Who Are the Contenders for the Federal Cloud?

Which players figure to benefit if the U.S. government’s looming data center consolidation shifts large numbers of federal applications from in-house data centers to cloud computing platforms? In recent weeks, key players in the government computing niche have been positioning their cloud offerings ahead of the announcement of the consolidation initiative. Here are the companies whose track record and cloud platforms have positioned them for leadership in this lucrative niche:

HP: The huge hardware and software giant designed and built a secure cloud computing platform for the Department of Defense. The cloud initiative, known as RACE (Rapid Access Computing Environment) is designed to reduce costs, consolidate applications and shorten delivery times for DoD computing projects. On Feb. 16 HP announced a Cloud Design Service to provide consulting services for organizations building large-scale hybrid cloud environments. The company’s EDS unit has been a leading systems integrator for government agencies, including DHS and the FDA.

IBM: Big Blue is an established player in the government IT arena, and is already building a cloud platform for the U.S. Air Force that is designed to be “capable of supporting defense and intelligence networks.”

CSC: Last June CSC announced Trusted Cloud Services, a cloud computing offering that will build on the company’s historic strength managing highly-secure data center infrastructure for government and enterprise clients. CSC is partnering with Terremark and Microsoft, among others, to support its offering.

Terremark: The colocation and managed hosting specialist has been among the early winners in the government cloud shift, hosting the Data.gov and USA.gov web sites on its cloud platform, while benefiting from CSC’s presence as the anchor tenant in its NAP of the Capital Region data fortress in Culpeper, Virginia.

Savvis: This managed hosting provider is currently hosting Apps.gov, an online storefront for cloud services and applications for federal agencies. It just reorganized its cloud offerings – which include IaaS, PaaS and SaaS services – under the Savvis Symphony brand.

Carpathia Hosting: This managed services provider has a strong base of federal customers, and has been expanding in Virginia with a new data center and its acquisition of ServerVault. Last week Carpathia said it would team with Citrix to offer cloud solutions for government agencies.

Amazon: The cloud computing market leader has launched a federal division and is partnering with partnering with Apptis, an experienced player in the government IT arena. The company is also building a new data center to expand its presence in northern Virginia.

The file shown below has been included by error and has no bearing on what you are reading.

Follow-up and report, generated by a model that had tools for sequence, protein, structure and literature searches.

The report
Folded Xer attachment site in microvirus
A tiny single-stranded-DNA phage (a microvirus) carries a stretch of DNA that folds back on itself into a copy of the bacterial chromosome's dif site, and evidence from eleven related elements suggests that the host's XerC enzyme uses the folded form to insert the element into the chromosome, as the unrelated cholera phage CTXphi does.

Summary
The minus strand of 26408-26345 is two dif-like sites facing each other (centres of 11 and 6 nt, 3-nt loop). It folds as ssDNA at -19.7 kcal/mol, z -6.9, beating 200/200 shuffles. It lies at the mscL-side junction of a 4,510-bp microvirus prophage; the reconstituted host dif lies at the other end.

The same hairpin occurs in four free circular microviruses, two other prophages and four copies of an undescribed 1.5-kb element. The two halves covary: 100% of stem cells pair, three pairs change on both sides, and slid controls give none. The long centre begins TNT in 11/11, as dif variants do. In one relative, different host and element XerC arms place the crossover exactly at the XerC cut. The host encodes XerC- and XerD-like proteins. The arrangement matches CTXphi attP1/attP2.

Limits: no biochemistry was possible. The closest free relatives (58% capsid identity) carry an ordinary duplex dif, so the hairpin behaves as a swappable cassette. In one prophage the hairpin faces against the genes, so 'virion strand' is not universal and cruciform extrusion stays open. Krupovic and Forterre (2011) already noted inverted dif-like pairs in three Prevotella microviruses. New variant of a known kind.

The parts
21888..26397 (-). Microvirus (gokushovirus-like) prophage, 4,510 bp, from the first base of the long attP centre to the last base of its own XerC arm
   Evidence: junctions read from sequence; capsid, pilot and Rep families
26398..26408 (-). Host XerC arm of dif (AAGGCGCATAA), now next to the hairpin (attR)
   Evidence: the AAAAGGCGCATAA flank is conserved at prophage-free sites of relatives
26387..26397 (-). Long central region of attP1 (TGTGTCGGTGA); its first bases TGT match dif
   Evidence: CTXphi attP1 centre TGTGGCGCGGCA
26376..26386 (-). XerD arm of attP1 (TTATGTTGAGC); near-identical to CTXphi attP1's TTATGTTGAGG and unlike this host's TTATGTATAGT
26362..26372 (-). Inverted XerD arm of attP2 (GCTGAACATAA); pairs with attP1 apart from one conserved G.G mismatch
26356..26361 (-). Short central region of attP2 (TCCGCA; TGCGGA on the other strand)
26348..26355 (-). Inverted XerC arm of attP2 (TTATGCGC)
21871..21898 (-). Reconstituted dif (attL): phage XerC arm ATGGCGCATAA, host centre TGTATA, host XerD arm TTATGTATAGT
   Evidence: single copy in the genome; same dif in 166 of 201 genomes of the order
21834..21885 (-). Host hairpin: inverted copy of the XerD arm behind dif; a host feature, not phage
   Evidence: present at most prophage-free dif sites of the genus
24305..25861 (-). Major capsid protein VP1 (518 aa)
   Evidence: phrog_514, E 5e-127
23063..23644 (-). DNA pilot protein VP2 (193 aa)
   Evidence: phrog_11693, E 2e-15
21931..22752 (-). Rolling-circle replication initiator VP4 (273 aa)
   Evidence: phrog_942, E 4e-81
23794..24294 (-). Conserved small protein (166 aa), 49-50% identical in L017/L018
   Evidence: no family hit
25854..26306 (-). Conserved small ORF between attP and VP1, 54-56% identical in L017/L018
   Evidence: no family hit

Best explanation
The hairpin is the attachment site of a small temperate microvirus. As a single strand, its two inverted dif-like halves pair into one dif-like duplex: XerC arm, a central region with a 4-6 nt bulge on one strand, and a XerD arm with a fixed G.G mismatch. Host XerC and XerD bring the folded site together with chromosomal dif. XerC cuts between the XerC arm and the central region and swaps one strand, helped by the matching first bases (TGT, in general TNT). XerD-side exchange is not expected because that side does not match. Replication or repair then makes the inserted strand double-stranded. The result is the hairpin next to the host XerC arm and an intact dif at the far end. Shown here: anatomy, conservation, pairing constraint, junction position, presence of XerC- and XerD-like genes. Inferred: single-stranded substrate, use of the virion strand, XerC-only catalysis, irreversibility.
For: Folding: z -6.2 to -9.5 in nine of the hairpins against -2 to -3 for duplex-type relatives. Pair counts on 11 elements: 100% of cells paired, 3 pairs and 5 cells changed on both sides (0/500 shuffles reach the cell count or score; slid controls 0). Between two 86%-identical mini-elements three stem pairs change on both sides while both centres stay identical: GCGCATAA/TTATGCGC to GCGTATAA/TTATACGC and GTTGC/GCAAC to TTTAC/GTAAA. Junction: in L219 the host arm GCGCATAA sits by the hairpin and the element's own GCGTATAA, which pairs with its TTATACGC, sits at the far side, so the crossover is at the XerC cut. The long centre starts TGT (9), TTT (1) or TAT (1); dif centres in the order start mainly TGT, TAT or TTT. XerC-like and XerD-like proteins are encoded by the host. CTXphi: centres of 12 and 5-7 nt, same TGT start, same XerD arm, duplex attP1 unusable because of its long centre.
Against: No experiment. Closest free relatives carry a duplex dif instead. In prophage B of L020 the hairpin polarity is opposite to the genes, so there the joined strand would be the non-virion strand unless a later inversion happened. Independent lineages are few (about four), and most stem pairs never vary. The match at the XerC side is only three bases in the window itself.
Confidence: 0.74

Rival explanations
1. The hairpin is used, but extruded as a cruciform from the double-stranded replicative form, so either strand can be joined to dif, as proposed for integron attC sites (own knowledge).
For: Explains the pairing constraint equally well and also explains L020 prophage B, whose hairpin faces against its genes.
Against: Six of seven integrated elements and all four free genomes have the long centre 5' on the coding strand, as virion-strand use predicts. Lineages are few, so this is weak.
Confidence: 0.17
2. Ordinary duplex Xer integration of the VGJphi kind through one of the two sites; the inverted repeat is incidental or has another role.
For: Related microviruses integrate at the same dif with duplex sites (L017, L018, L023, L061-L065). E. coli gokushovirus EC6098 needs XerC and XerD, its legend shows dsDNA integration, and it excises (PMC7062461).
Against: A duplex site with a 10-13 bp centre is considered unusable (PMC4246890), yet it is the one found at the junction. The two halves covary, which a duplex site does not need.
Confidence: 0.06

Microsoft: Last week Microsoft unveiled a new, dedicated government cloud as part of Microsoft Online Services. The company says its new Business Productivity Online Suite Federal offering is customized for the security, privacy and compliance needs of U.S. federal government agencies.

Google: Last September Google unveiled plans for a government cloud platform that will become operational in 2010. “Offering the same services and features as our existing commercial cloud (such as Google Apps), this dedicated environment within existing Google facilities in the US will serve the unique needs of US federal, state, and local governments,” the company said.

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About the Author

Rich Miller is the founder and editor at large of Data Center Knowledge, and has been reporting on the data center sector since 2000. He has tracked the growing impact of high-density computing on the power and cooling of data centers, and the resulting push for improved energy efficiency in these facilities.

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  1. This is an accurate assessment Rich. I would add one more opportunity segment and that is the build to suit market. Just because the Feds can't build data centers and must consolidate them poses two issues - no capital and many 50 watt/sq ft facilities that are already tapped out. Based on discussions with agencies and large SI's, some agencies are exploring build to suit options where a 3rd party builds a facility and hands the keys over on a long term lease. The 3rd party may or may not provide services as part of the package. The other wrinkle that the cloud providers must address is data staying on US soil and the burden of proof associated with it. I have seen this time and again be an issue. I think those providers who are US based with US facilities are able to address this concern up front better than some of the global providers in the space.

  2. Two of the biggest contenders aren't listed. Opsware ( HP Server Automation ) ( Probably used in RACE and every other private cloud on the planet ) And far more importantly NASA's Nebula Cloud project.